Charles George Dandrow was born August 18, 1935, in White Plains, New York and passed on August 7, 2022. He is preceded in death by his mother, Helen Ahlquist; father, Charles George Dandrow; siblings, Thomas Maguire and Carol Dandrow. George is survived by his wite of 62 years, Nancy, and his daughters Christina and Hillary (Newman); son-in-law Randall Newman, grandchildren Atticus, Christian, Lucas, George Dandrow and Vincent Newman; nephews Arthur Steer, Mike Maguire; niece Sally Deming.
George graduated from Phillips Exeter Academy in New Hampshire in 1954. He then attended Cornell and Columbia Universities before coming to West Lafayette to attend Purdue University.
While at Purdue he earned a BA and MA in English Literature before finding his true calling and earning his MSW from Indiana University in 1970. He then went on to work at Purdue Hospital as a mental health therapist as well as being a founding member and life long practitioner at Mascouten Family Institute in West Lafayette. He was proudly certified as a Gestalt therapist. In high school he was an “All -American” Swimmer and never lost his love for the water. In 1958 he enlisted in the Army and spent his tour of duty as Assistant Swim Coach at West Point Military Academy in New York.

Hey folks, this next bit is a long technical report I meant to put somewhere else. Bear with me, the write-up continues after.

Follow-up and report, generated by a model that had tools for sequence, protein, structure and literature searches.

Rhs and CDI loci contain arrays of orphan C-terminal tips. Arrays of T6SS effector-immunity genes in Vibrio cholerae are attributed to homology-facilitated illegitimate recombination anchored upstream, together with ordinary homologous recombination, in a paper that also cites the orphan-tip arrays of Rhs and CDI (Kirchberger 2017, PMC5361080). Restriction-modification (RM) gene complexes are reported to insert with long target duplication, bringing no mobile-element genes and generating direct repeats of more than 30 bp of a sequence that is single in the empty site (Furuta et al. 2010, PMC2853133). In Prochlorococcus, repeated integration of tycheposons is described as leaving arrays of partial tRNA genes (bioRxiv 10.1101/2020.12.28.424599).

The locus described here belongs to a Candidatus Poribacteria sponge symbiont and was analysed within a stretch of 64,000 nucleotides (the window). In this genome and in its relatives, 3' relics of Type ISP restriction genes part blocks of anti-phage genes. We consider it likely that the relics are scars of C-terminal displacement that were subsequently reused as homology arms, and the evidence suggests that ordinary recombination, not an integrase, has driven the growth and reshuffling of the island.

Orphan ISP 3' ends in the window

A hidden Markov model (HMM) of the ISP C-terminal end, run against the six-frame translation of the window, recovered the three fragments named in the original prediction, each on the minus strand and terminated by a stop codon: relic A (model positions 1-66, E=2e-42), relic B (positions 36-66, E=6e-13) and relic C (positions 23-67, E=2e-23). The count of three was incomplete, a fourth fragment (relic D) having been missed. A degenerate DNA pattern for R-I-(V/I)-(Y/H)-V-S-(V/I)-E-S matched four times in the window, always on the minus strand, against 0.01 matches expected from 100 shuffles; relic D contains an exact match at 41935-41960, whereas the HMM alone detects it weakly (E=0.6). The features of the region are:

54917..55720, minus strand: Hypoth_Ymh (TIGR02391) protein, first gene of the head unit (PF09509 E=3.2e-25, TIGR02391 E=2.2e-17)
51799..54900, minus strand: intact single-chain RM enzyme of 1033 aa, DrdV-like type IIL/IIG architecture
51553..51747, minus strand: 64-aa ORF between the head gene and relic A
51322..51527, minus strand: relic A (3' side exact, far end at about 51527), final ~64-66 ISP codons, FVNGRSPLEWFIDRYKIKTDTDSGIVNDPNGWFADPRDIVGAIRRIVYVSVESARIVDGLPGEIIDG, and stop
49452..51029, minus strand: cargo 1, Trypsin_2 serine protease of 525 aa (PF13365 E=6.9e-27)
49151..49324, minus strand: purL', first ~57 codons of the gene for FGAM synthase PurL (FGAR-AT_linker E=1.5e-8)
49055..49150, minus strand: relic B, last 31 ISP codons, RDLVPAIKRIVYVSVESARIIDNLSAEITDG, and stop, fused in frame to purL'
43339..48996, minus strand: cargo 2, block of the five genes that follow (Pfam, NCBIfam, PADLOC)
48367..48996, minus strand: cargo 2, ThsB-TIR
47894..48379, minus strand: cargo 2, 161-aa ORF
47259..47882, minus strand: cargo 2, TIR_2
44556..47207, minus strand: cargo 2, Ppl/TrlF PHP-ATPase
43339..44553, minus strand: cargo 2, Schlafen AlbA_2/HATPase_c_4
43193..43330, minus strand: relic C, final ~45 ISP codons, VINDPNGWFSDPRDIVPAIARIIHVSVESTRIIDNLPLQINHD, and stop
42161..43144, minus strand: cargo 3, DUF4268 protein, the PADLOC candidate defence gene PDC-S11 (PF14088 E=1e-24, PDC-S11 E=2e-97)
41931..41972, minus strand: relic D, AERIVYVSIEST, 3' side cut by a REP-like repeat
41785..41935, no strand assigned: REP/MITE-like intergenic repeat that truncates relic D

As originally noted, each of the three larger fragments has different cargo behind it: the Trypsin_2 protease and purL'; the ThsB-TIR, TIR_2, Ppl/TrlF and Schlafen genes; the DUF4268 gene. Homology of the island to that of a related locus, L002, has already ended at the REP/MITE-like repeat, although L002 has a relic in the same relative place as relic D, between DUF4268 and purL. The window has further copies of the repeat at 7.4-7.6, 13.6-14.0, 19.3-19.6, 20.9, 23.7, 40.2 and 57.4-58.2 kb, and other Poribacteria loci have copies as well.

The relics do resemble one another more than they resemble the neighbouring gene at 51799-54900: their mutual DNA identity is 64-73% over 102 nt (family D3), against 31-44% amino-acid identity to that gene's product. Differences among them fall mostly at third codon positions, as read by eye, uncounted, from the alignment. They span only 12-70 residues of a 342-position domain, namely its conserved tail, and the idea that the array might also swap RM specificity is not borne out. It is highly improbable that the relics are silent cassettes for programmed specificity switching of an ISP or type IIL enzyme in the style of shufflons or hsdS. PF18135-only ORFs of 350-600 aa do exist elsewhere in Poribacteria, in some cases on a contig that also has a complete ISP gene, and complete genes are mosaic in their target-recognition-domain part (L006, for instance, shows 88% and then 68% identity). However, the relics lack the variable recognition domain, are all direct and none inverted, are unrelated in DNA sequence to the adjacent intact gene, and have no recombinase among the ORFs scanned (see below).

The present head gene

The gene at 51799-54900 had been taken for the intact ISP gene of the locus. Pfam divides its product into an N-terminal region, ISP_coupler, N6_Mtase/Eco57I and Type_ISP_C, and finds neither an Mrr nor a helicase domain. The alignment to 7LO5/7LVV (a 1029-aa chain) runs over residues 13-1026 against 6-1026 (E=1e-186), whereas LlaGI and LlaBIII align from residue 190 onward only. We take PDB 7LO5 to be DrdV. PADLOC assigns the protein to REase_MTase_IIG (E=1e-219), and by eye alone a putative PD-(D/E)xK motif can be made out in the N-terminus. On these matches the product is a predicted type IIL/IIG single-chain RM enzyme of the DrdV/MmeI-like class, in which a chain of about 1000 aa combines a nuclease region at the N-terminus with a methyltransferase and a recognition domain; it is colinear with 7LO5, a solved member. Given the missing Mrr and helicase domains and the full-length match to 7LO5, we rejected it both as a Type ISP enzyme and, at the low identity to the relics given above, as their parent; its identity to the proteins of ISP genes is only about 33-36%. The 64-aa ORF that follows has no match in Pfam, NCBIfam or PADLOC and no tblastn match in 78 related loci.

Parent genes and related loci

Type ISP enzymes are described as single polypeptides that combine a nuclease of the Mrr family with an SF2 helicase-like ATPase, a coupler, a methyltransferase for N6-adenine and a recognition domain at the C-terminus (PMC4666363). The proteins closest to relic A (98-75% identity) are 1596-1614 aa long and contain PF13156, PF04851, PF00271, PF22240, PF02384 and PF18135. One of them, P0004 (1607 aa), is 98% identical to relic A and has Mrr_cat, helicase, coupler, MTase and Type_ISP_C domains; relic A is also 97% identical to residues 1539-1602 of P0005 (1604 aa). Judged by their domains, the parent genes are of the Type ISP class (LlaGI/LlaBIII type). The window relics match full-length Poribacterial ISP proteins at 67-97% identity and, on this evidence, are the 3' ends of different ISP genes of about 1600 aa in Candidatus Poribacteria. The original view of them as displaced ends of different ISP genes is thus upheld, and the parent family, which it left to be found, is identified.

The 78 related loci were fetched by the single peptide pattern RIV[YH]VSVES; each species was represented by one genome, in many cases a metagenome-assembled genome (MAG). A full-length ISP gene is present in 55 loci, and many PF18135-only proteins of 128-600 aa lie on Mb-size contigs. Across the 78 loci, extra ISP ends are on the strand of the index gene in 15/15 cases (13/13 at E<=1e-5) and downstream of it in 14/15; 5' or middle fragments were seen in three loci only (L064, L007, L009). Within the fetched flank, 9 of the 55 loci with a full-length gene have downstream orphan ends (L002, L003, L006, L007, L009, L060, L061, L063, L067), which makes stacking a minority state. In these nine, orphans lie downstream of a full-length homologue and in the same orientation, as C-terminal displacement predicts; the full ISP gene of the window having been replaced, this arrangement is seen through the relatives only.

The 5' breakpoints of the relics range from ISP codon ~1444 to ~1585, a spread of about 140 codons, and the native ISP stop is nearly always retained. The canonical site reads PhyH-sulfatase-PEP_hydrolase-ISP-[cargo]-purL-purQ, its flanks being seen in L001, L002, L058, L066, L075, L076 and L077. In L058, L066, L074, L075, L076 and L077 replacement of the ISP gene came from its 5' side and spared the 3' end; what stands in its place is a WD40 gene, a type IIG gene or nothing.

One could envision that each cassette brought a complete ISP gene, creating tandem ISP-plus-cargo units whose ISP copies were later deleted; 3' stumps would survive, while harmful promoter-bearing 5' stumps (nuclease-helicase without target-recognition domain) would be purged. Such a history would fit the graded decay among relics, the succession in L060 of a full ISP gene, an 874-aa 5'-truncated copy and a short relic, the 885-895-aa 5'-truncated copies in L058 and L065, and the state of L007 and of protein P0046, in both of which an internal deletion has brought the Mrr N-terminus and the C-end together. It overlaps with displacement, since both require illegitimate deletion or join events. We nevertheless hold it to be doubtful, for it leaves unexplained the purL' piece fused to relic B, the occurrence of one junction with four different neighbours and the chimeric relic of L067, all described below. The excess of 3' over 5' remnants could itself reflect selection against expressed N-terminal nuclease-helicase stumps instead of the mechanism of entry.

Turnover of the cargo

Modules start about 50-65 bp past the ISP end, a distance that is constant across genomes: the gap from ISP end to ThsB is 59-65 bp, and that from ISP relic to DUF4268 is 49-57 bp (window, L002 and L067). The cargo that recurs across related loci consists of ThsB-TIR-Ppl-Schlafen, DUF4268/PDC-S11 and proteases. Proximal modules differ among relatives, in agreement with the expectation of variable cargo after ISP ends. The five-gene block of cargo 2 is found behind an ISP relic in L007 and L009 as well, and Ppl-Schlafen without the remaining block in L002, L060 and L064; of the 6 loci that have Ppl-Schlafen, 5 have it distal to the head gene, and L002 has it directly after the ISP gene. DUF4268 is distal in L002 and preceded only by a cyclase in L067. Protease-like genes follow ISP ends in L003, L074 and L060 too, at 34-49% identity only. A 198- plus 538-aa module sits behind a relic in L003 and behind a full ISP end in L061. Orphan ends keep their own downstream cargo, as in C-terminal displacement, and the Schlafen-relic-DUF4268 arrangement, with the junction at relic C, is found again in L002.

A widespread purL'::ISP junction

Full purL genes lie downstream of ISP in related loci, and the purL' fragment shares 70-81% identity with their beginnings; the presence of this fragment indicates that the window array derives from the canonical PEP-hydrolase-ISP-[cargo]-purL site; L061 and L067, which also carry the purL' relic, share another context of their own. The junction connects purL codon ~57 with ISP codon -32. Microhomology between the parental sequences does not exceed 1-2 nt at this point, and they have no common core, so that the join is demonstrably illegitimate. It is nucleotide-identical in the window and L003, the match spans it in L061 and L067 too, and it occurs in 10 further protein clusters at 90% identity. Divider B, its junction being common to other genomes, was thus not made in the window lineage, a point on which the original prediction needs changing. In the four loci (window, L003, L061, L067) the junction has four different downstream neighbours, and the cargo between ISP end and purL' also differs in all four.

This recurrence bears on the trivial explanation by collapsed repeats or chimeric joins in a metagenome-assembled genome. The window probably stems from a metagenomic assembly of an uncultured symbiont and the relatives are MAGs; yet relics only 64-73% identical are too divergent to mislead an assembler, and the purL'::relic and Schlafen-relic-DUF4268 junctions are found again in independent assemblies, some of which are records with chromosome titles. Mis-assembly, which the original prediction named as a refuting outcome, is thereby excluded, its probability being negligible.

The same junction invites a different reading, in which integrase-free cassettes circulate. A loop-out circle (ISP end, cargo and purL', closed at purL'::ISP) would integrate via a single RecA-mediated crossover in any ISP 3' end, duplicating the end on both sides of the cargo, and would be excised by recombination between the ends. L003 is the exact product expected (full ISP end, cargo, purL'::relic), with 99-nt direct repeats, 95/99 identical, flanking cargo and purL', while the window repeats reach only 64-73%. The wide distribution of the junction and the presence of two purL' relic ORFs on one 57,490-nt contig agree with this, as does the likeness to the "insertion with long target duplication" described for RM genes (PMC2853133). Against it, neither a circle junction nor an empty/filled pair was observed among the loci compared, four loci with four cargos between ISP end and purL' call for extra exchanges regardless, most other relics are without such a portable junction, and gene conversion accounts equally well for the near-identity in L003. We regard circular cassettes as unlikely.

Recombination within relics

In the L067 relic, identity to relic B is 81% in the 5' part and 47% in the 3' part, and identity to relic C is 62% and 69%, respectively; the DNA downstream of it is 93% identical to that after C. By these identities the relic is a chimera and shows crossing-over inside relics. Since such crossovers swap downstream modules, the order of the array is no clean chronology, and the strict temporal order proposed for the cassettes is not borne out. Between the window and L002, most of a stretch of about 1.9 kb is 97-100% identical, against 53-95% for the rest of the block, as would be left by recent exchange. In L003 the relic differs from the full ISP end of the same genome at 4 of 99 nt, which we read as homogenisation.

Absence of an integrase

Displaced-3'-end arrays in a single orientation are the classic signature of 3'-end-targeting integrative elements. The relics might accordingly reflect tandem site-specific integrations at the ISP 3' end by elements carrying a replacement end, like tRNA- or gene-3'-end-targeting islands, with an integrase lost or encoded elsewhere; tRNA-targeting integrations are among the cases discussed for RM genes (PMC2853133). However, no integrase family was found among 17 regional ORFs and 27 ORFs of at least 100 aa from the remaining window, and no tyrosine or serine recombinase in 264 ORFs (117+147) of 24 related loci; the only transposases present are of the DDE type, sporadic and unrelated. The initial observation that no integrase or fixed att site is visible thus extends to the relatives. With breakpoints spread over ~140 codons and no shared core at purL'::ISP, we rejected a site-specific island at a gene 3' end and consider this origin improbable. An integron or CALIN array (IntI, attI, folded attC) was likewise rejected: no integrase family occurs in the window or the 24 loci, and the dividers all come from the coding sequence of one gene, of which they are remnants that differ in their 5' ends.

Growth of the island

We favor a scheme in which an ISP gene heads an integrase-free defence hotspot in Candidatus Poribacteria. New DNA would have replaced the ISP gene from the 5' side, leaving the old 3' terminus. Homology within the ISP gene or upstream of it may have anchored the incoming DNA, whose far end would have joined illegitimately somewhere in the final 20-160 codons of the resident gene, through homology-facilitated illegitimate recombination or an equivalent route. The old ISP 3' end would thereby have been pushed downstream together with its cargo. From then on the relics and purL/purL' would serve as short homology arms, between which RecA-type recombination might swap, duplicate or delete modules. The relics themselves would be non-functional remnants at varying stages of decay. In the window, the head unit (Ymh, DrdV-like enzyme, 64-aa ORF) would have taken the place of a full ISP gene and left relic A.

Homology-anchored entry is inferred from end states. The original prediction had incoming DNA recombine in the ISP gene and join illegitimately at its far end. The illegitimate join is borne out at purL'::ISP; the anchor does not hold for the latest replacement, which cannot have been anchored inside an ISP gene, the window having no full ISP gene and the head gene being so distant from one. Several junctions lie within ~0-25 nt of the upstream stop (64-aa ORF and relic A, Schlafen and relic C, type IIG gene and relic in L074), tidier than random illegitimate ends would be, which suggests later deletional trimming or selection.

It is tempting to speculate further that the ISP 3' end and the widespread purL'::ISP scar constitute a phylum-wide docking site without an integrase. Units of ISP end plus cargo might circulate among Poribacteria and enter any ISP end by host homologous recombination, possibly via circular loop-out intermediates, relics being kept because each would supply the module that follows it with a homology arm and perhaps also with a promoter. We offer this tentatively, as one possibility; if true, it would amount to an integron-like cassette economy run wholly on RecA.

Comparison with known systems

George loved laughter, food, good company, poetry, prose, a lively intellectual discussion, helping people, wherever, whenever, and later in life finding joy through his art.
There will be a remembrance celebration with date yet to come. Please, in lieu of flowers donate to your charity of choice.
That time of year thou mayst behold
When yellow leaves, or none, or few. do hang
Upon those boughs which shake against the cold,
Bare ruin’d choirs where late the sweet birds sang.
In me thou see’st the twilight of such day
As after sunset fadeth in the west,
Which by and by black night doth take away,
Death’s second self, that seals up all in rest.
In me thou see’st the glowing of such fire
That on the ashes of his youth doth lie,
As the death-bed whereon it must expire,
Consum’d with that which it was nourish’d by.
This thou perceiv’st, which makes thy love more strong.
To love that well which thou must leave ere long.
Shakespeare, Sonnet LXXIII